The intention of this blog series is to document my experiences recording and distributing the audiobook version of my novel Smoke Monkey International, which I released as both an ebook and a paperback last year. I also want to stress right here at the beginning that I have no idea what I'm doing. That's kind of the point. I don't know how to engineer, mix, edit, or upload an audio file. I don't know if I'm recording an audiobook, a podcast, or a podiobook. I don't have a recording studio or any real recording equipment. But what I do have is a new baby, no free time, and a
can-do attitude Christmas gut.
Deep Background Information - Readers of this blog (chuckle, chuckle) know that I love audiobooks. I listen to them compulsively on my bike commute to and from work. I do this mainly because it's the only form of reading I can do anymore. Actual books put me to sleep, literally. So my familiarity with the audiobook format is one thing I do have going for me. The other thing I have going for me is my novel, which I think is good. People seem to enjoy it.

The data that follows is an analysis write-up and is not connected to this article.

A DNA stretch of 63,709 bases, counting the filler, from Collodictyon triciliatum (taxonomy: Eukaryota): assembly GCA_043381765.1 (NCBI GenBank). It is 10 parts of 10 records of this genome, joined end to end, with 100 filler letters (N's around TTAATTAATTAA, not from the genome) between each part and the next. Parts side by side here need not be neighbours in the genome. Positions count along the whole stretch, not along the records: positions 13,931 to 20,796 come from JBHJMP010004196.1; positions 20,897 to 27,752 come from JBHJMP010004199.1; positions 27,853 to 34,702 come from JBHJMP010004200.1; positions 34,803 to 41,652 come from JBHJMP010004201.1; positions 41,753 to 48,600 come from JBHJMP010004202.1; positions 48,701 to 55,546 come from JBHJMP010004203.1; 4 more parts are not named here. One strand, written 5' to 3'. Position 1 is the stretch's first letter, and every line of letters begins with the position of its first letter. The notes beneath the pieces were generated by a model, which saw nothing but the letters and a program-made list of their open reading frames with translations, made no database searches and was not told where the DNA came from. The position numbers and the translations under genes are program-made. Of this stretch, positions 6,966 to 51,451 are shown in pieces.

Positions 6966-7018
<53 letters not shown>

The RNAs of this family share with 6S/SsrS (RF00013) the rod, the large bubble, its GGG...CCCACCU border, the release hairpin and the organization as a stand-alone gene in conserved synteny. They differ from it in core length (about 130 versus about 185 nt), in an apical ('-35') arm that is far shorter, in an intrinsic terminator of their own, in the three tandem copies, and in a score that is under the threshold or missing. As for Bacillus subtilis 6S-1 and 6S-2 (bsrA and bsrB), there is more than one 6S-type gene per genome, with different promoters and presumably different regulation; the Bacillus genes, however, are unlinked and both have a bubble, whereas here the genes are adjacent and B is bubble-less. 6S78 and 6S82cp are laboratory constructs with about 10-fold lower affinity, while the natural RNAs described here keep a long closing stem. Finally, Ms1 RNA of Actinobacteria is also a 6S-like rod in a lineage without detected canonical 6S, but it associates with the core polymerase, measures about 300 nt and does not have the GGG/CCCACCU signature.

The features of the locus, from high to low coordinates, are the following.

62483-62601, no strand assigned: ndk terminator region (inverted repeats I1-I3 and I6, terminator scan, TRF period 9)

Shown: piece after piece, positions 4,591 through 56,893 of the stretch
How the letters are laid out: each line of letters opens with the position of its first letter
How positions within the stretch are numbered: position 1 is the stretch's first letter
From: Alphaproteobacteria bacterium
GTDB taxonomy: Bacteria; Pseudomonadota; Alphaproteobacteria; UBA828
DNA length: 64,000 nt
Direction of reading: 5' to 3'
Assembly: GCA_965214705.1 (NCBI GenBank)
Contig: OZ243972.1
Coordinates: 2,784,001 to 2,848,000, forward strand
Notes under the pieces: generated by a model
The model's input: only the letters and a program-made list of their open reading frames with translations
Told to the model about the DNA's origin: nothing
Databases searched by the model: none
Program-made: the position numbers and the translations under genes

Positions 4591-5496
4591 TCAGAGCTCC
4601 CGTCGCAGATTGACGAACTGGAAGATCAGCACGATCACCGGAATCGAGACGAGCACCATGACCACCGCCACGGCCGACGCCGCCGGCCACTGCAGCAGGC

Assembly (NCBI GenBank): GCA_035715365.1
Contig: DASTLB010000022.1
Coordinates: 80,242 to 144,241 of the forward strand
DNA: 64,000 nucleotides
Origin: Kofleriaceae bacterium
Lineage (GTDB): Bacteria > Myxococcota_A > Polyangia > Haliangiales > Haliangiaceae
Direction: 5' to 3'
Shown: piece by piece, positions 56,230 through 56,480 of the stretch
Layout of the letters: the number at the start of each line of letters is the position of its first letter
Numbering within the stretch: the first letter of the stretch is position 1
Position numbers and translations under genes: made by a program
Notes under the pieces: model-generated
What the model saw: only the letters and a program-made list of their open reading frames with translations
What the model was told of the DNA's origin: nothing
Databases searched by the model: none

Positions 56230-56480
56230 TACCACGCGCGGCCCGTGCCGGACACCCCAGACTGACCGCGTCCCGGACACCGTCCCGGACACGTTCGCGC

The very first step I took was to contact a music producer friend of mine (okay, we were friends in high school and haven't really talked since) and ask for advice. I was hoping he'd be so impressed that I'd written and published a novel that he would offer to produce the audiobook for me, add his name to the credits, write some killer bumper music, and use his contacts to help market it far and wide. He did indeed offer to let me use his studio and his sound engineer, but only during off-hours since he needed the studio during the day. Work and family life prevented me from taking advantage of this opportunity, which would have required me to drive to the other side of Los Angeles at night and on weekends many, many times. To which I say, I'd rather just stay home and get drooled on. What this offer did do was force me to put a number on just how many hours I expected this whole process to take. Once I thought seriously about it, I realized it was going to take over 50 hours, just to record. Probably longer. I can't set aside a chunk of time like that. The only way this is going to happen is if I do it myself, with my own stuff, in bits and pieces, whenever I can get a minute free.